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well crap, I thought it was my plugs, but now that I think of it, it hasn't really been that cold since I did the plugs... so looks like I'm getting some new o rings. Thanks for the info.


Was hoping for that too. Just picked up my spec. B with 22k miles on it and noticed a rough idle as described. Hopefully the new revised gaskets fix the issue for a while. I'd hate to do this again next winter. Any chance this could be covered under warranty or with a TSB?

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Just finished this. Will know tomorrow morning if it did the trick. Gaskets were $5.25/each at my local dealer. The walk-thru was very helpful, Thanks.


The clearance on the drivers side because of the fuel lines sure did make things difficult. And, the the intake manifold bolt closest to the turbo took me a while to figure out how to get to it (ended up using a screwdriver to pry just enough space between a hose and the manifold to get the socket through).


Aside from, that it went well. Took us about 2 hours.


Update (Day 1): Was 39º out this morning, which would is low enough to get the rough idle - Zero stumbling and overall the idle felt much better.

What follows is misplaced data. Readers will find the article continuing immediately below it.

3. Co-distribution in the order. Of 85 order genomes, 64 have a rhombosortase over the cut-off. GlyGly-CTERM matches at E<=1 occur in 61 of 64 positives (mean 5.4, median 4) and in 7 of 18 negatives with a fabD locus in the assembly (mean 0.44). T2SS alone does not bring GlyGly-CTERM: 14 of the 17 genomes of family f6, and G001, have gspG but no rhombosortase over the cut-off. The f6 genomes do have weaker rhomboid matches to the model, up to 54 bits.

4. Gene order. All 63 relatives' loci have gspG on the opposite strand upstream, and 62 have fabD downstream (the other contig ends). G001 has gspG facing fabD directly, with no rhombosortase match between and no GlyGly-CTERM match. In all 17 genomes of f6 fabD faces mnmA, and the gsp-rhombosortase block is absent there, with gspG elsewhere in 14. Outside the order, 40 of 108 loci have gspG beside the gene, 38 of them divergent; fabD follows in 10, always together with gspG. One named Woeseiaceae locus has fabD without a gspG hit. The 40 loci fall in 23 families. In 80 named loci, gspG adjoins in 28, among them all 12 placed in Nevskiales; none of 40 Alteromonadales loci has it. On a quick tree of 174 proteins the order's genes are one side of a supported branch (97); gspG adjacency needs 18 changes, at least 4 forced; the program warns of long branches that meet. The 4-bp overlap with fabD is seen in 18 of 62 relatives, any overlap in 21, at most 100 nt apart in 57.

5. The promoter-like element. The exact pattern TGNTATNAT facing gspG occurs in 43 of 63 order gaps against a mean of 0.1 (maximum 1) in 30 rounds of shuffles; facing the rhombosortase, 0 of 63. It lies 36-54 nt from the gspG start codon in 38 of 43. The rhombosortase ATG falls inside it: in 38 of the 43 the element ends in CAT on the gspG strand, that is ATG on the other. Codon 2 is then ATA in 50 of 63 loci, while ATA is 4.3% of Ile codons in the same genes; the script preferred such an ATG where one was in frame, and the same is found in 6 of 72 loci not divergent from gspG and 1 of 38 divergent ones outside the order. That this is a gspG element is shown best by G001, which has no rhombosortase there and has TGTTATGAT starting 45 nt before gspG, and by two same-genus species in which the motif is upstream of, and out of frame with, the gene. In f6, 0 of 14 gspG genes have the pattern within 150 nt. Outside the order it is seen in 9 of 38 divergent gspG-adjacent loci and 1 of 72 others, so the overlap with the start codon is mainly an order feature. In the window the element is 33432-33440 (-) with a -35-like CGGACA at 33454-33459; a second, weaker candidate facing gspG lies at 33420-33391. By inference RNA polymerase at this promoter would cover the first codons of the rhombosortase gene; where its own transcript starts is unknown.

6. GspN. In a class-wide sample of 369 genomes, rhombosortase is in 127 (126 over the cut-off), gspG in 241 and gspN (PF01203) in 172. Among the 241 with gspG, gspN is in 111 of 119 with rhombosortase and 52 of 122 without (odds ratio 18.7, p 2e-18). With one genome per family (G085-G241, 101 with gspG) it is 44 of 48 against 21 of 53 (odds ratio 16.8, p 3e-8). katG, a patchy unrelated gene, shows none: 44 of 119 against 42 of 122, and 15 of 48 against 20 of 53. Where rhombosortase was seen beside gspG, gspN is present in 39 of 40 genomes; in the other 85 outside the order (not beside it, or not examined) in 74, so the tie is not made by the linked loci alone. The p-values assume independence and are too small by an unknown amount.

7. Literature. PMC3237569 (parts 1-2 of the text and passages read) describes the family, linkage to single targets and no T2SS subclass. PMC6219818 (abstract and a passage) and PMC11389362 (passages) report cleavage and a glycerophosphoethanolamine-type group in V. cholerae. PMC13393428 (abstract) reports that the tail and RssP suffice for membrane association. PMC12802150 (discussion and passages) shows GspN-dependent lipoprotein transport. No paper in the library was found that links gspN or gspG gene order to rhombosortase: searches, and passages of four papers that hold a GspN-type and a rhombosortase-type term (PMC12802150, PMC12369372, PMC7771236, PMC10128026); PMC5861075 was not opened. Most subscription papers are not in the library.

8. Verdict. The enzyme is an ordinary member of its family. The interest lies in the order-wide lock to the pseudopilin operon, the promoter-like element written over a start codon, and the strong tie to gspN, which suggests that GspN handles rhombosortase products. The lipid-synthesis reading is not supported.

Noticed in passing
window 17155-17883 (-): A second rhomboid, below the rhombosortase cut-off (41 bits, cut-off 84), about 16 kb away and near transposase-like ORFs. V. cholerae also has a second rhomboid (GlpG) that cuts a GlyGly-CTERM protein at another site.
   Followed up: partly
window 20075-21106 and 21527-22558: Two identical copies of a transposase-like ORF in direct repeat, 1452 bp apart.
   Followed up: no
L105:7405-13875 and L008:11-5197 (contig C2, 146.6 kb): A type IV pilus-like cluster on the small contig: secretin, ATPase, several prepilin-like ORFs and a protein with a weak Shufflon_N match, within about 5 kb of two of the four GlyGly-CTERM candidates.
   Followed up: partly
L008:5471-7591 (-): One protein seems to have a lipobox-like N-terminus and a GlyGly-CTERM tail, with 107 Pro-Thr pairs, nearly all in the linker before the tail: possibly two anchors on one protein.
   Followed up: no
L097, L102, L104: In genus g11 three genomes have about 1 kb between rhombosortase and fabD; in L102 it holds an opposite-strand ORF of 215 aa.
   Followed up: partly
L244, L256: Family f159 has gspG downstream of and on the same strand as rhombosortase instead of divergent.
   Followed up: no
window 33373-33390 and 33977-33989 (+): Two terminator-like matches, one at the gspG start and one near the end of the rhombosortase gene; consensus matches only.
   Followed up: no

Update (Day 2): Was 37º this morning. Idle was smooth. : )

Edited by jyax
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I bring the car in with this page print out. They decide to change all the gaskets which is the following parts:

14035AA421 x1

14035AA492 x4

16175AA331 x1

14497AA010 x1


I hope they know what they are doing :spin:

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Picked up new gaskets for $17 (They told me 5.23 a piece over the phone as well as an extra shipping charge, but that wasn't what they charged me). :lol:


Took nearly 3 hrs altogether, this walkthrough was very helpful. Here is what I have to offer:


If you have some dental picks it makes getting the old gaskets out a breeze. I ripped one of the tabs off one of them with needle nose, so the pick was a must. Some plugs to stop off the coolant reservoir and lines make things less messy. I actually didn't completely remove the reservoir. I left the bottom line attached and had plenty of play to get the pass side done.


From the picture, the blue arrows show additional bolts/plugs that I left in place and everything worked just fine. I did, however, remove the air pump (circled, three bolts), which gave lots more room to work with the front gasket on the driver's side. Also took off the bolt (orange arrow) that holds the fuel lines down to gain some extra play.